Labyrinth may close

With no buyer in sight, the closing of Labyrinth is inevitable and a new bookseller may move in.
With no buyer in sight, the closing of Labyrinth is inevitable and a new bookseller may move in. Photo by Christopher Peak.

Unless a buyer steps in with an offer, Labyrinth Books could close in as soon as two weeks.

For the last few months, the York Street bookstore, which has offered Yale course books as well as a variety of academic titles for more than five years, has searched for a buyer without success, said Labyrinth Books’ manager Martha MacDonald. The store has not ordered any course books for the upcoming academic year, MacDonald said, and on Monday several of the store’s shelves, including long stretches of the higher bookcases, had been cleared.

“We’re hoping for a Hail Mary buyer,” MacDonald said. “Times are tough in books.”

Labyrinth’s co-owner Dorothea Von Moltke said in an email Wednesday that plans were still being finalized for a new bookseller to move into the space, but declined to comment further.

Factors in the potential close include the increase in prices of new editions, the economic downturn and the difficulty of competing with online retailers like Amazon, MacDonald said.

“Kids will [buy a book], move seven feet away, turn on their laptops and see that Amazon is selling it for $15 less — and then say, ‘I want to return this,’” she said.

Store owner Clifford Simms could not be reached for comment.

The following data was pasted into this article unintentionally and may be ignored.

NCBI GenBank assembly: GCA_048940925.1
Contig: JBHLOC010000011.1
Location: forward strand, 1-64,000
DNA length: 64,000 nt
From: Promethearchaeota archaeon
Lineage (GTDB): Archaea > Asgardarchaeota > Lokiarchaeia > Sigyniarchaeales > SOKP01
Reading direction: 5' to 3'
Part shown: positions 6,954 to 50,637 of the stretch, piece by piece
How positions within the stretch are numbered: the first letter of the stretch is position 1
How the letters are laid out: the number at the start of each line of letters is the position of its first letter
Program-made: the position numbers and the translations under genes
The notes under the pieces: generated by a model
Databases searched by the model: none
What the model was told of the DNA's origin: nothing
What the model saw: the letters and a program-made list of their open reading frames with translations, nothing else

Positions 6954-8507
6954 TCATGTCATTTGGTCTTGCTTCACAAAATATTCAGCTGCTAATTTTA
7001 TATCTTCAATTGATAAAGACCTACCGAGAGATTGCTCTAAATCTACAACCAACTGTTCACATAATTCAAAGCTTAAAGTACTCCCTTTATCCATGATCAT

The bookstore’s property, along with Yorkside Pizza and part of Toad’s Place, is owned by ANG Realty, Yorkside Pizza’s co-owner Anthony Kontronmanis said. On Monday, Kontronmanis said he had not heard of the bookstore’s search for a buyer or potential closing, and said the property leased by Labyrinth is not up for sale.

Undergraduate students generally were unconcerned by the news that the bookstore may close. Of 14 students interviewed, seven said they did not buy any books from Labyrinth in the past year, and six more had bought five or fewer. Marisa Karchin ’14 said she bought 10 books from Labyrinth Books in the past year, but said the closing would only be a minor inconvenience, as she would have shopped online instead.

But Pruittiporn Kerdchoochuen ’11 said that while she had not bought any books from Labyrinth this year, the store played an important role.

“It’s nice to have an option that’s not a big chain,” she said.

For the store’s part, though, MacDonald said the amount of customers has visibly decreased.

“If a community wants a bookstore to stay … the first thing they should do is buy the books,” MacDonald said.

Erin Carter ’12 said she was not concerned as long as the Yale Bookstore continued to carry the same books.

While the New Haven bookstore might be closing, MacDonald said there are no plans to close the Labyrinth Books in Princeton, N.J.

Of the books already removed from the shelves, all standard edition books are being sent back to publishers, while discounted books will go to Great Jones Books, an academic wholesale book company owned by the brother of Simms, MacDonald said.

Before Labyrinth, the storefront was occupied by Book Haven for 22 years.

Comments

  • chrispbacon

    > Undergraduate students generally were
    > unconcerned by the news that the
    > bookstore may close. Of 14 students
    > interviewed, seven said they did not
    > buy any books from Labyrinth in the
    > past year, and six more had bought
    > five or fewer.